Blockchain Consultancy Firm Chief Hired to Help Launch Sovereign (SOV)

Francisco Memoria

The Marshall Islands, a small country in the Pacific Ocean, has recently revealed that it hired Steve Tendon, the head of blockchain consultancy firm ChainStrategies, as its cryptocurrency advisor.

Notably the country has announced last year that it’s looking to launch its own national cryptocurrency called Sovereign (SOV). Tendon is set to help it develop Sovereign, and assist its government with “the drafting, design, and issuance of their new cryptocurrency.”

Tendon is notably the founder and President of the Blockchain Malta Association, and acts as a Chief Technology Officer at Anticipay, a fintech firm. In the past, he was a Strategic Advisor to Malta’s Prime Minister, when the nation was focusing on attracting blockchain and cryptocurrency-related companies.

Its efforts worked, as it attracted some of the most prominent in the industry, including leading cryptocurrency exchanges like Binance and OKEx, which was named “crypto exchange of the year” at its cryptocurrency conference.

Tendon isn’t, however, the only notable adviser Sovereign will have. The cryptocurrency’s Chief Economist is Peter Dittus, according to a post on SOV’s Medium blog, the former Secretary General of the Bank for International Settlements.

Dittus was quoted as saying:

Steve is one of the foremost experts in blockchain technology and regulations. [He] will assist with the drafting and designing of regulations to develop a blockchain financial services economy out of the Marshall Islands.

Per the blog post, the Marshall Islands are looking to evolve “in a similar way to the Cayman Islands,” a territory that it claims incorporates “5% of the world’s hedge funds despite having a similar population to the Marshall Islands.”

Notably, as CryptoGlobe covered, the International Monetary Fund (IMF) has warned the nation not to launch the cryptocurrency as second form of legal tender (along with the USD). Per the IMF, the issuance of a decentralized cryptocurrency as a second legal tender would “increase macroeconomic and financial integrity risks, and elevate the risk of losing the last U.S. dollar correspondent banking relationship.”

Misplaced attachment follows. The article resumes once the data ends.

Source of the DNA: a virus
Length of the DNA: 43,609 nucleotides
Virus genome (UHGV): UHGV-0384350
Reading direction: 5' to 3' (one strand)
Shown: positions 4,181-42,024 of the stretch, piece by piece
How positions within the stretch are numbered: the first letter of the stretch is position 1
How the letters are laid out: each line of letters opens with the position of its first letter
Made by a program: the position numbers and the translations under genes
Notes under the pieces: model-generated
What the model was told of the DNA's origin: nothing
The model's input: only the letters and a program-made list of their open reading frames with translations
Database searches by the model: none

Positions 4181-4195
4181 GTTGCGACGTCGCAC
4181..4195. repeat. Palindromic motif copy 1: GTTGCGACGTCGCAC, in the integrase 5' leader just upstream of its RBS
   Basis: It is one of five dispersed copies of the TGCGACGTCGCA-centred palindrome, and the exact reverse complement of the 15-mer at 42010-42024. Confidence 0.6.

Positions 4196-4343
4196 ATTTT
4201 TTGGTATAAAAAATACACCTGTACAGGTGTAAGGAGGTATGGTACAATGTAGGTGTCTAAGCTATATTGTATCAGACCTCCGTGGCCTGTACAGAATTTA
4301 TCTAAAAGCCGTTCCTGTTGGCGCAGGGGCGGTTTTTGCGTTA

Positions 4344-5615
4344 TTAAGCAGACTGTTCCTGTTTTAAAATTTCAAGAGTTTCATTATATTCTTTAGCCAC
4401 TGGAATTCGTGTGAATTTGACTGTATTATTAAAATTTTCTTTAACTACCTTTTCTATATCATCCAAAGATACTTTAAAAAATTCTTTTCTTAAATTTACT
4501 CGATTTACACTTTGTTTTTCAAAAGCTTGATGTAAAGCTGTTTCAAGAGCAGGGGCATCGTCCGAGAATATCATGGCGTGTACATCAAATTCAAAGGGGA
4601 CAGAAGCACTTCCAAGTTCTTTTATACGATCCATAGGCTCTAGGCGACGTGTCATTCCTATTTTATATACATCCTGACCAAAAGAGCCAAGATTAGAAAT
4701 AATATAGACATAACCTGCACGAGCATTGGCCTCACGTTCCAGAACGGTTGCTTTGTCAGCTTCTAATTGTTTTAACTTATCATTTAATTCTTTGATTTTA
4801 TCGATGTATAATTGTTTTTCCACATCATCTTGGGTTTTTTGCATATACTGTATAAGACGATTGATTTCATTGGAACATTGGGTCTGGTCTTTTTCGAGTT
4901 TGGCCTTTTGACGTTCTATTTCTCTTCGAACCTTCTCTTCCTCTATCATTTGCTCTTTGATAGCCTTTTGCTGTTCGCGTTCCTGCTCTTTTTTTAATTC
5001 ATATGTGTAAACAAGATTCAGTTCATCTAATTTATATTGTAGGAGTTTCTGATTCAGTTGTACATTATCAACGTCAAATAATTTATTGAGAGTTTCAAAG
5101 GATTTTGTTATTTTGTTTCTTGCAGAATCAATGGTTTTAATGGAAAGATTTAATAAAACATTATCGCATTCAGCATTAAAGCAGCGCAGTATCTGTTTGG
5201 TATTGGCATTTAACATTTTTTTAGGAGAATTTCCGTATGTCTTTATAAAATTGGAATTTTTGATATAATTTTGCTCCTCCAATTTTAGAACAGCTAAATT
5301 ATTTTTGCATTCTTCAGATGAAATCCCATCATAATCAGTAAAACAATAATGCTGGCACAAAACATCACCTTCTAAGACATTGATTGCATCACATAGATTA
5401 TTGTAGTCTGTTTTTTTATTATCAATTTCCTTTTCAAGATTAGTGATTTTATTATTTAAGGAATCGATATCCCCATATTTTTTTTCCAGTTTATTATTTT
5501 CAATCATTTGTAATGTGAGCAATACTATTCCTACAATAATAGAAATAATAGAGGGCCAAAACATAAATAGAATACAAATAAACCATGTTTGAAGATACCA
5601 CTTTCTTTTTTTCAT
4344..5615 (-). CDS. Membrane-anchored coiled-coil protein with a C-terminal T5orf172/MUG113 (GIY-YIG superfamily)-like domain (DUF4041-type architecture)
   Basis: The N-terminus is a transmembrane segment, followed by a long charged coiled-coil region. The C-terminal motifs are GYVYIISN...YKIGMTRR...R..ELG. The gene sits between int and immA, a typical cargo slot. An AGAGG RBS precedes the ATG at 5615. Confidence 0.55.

Dubai-Based Real Estate Giant Aiming to Launch Token on JPMorgan’s Quorum

Siamak Masnavi

Dubai-based real estate developer Emaar Properties says that it plans to launch this year a blockchain-based referral and loyalty platform called EMR that is being built on Quorum, JPMorgan Chase's enterprise-focused fork of Ethereum.

Emmar Properties is one of the world's leading real estate development companies. Its best-known project is Burj Khalifa, which is the world's tallest building. This is a skyscraper in Dubai, United Arab Emirates (UAE) that has a roof height (i.e. total height - the height of the antenna) of 828 m (2,716 ft ).

According to a report published on October 17 by local media outlet, the EMR platform rewards Emmar's customers with EMR tokens. Emmar says that these tokens "will not only be redeemable in Emaar’s real estate, hotels, ecommerce operations and malls, but can also be traded with other users."

Emmar Chairman Mohamed Alabbar had this to say:

We didn’t become Emaar by standing still, or by thinking small. By launching the EMR utility token ecosystem, Emaar is expanding the concept of connection. We aren’t just looking into the future — we are building it.

It will be possible for customers to use a mobile app (available for iOS and Android) to "access the referral and loyalty system and earn or redeem EMR tokens."

Hadi Kabalan, director of tokenisation at Emaar, stated:

We have an existing ecosystem and a large customer base, as well as millions of further potential users globally who have yet to discover Emaar. Our blockchain token platform positions us to grow our user engagement with today’s digital-native, mobile-first generation who expect a fairer internet and want to be part of the conversation.

For those of you who have not come across Quorum before, here is how a member of the Quorum team described the project in a reply to a Reddit post in November 2018:

"Quorum is a fork of the go-ethereum (geth) client with a few updates that add enterprise level features such as supporting private txns, node permissioning, fast consensus algorithms, block finality, and some others. It was originally created through a joint effort by JPMorgan and core engineers from the Ethereum Foundation. Beyond that, it has advanced to keep up with geth releases and has a full time team dedicated to it and its sub projects... Quorum does not have a mainnet, and the expectation is that users of it set up their own network, be it private or otherwise (we are aware of several that are public)."

Featured Image Credit: Photo via Pixabay